ICO Project Enigma Settles SEC Charges Over $45M Token Sale

The regulator announced Wednesday that under the settlement Enigma will refund “harmed investors” using a claims process, register its tokens as securities with the SEC, file reports to the agency and pay a further $500,000 as a penalty. Enigma sold ENG tokens in 2017, which the SEC said are securities.

The U.S. Securities and Exchange Commission (SEC) has settled securities law violation charges with Enigma MPC, a blockchain startup that raised $45 million in a 2017 token sale.

Engima did not qualify for an exemption from securities registration requirements, according to the SEC.

According to a blog post, Engima will set up the claims process in the near future.

In a statement sent to CoinDesk, Enigma CEO Guy Zyskind said the settlement “is the culmination of an extended series of discussions with the SEC.”

“It clears the way for our development team to return its full attention and energy to our original and continued vision: building groundbreaking privacy solutions that improve the adoption and usability of decentralized technologies, for the benefit of all,” he said.

The settlement also allows the Engima team to focus on its actual protocol, he said, including the launch of its mainnet last week.

The Enigma mainnet, which launched on Feb. 13, now has more than 20 validators, the company claimed, with the mainnet based on Cosmos SDK and secured by a new coin dubbed “secret,” according to its blog post.

Enigma is now looking for “legally compliant avenues” for swapping its ENG token, which is built on ethereum, for its new SCRT token.

“We are continuing discussions with our legal counsel and regulators to identify an effective means of facilitating a swap that complies with all relevant securities regulations. But for the time being, our team is not able to proceed. We appreciate your patience and will update you as things move forward,” the blog post said.

IKEA in ‘World First’ Transaction Using Smart Contracts and Licensed E-Money

IKEA Iceland has taken part in a commercial transaction on ethereum, using smart contracts and licensed e-money to facilitate the settlement of an order from local retailer Nordic Store.

The transaction was carried out on a platform provided by supply chain management firm Tradeshift and used “programmable digital cash” from ConsenSys-backed Monerium, according to an announcement from Tradeshift on Tuesday. Specifically, Nordic Store bought goods from IKEA and settled an e-invoice using Monerium’s tokenised Icelandic krona.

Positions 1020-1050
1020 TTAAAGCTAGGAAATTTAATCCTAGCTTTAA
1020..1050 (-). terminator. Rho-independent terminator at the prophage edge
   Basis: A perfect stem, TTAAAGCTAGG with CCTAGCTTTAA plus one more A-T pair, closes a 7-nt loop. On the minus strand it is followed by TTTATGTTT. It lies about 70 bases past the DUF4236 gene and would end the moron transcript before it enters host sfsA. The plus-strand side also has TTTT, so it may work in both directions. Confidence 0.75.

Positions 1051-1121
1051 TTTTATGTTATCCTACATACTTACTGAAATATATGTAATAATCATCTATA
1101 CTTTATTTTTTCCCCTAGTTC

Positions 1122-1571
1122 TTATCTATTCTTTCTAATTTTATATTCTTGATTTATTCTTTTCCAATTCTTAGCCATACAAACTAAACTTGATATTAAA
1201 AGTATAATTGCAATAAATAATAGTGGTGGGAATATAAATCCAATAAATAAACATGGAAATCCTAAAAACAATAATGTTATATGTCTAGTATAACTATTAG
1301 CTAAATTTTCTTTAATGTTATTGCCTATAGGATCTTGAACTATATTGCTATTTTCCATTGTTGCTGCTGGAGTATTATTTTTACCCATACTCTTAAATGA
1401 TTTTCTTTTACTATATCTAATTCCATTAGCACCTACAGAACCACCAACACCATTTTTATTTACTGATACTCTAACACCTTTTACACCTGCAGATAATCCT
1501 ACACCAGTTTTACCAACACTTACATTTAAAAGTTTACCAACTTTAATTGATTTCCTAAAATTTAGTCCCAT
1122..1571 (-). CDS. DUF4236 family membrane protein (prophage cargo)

Monerium and Tradeshift suggested the “world’s first” transaction shows that “government-regulated, programmable e-money is ready for mainstream markets.”

As reported in June, Reykjavik-based Monerium was licensed by the Financial Supervisory Authority of Iceland (FME) as its first Electronic Money Institution, making the startup the first to have regulatory approval to provide fiat payment services over blockchain systems across the European Economic Area.

The Electronic Money Institution rules were set up originally for prepaid debit cards by the European Union after the 2008 financial crisis.

“With a ‘smart invoice’ we can issue tokens that represent the future cash flow down to each dollar on the invoice. Whoever holds tokens will get paid upon due date, which makes smart invoices ideal to use for financial-services apps”, said Gert Sylvest, co-founder of Tradeshift.

Tradeshift – which also created the “smart invoice” for the transaction – was notably backed by Goldman Sachs in a $250 million Series E funding round last May. The round valued the firm at at $1.1 billion and marked a deeper move into the blockchain industry by the firm.

Stefan Arnason, CFO of IKEA Iceland, said:

“A programmable financial supply chain, where trading partners can connect information flows to money flows through smart contracts, will transform how suppliers and customers interact.”

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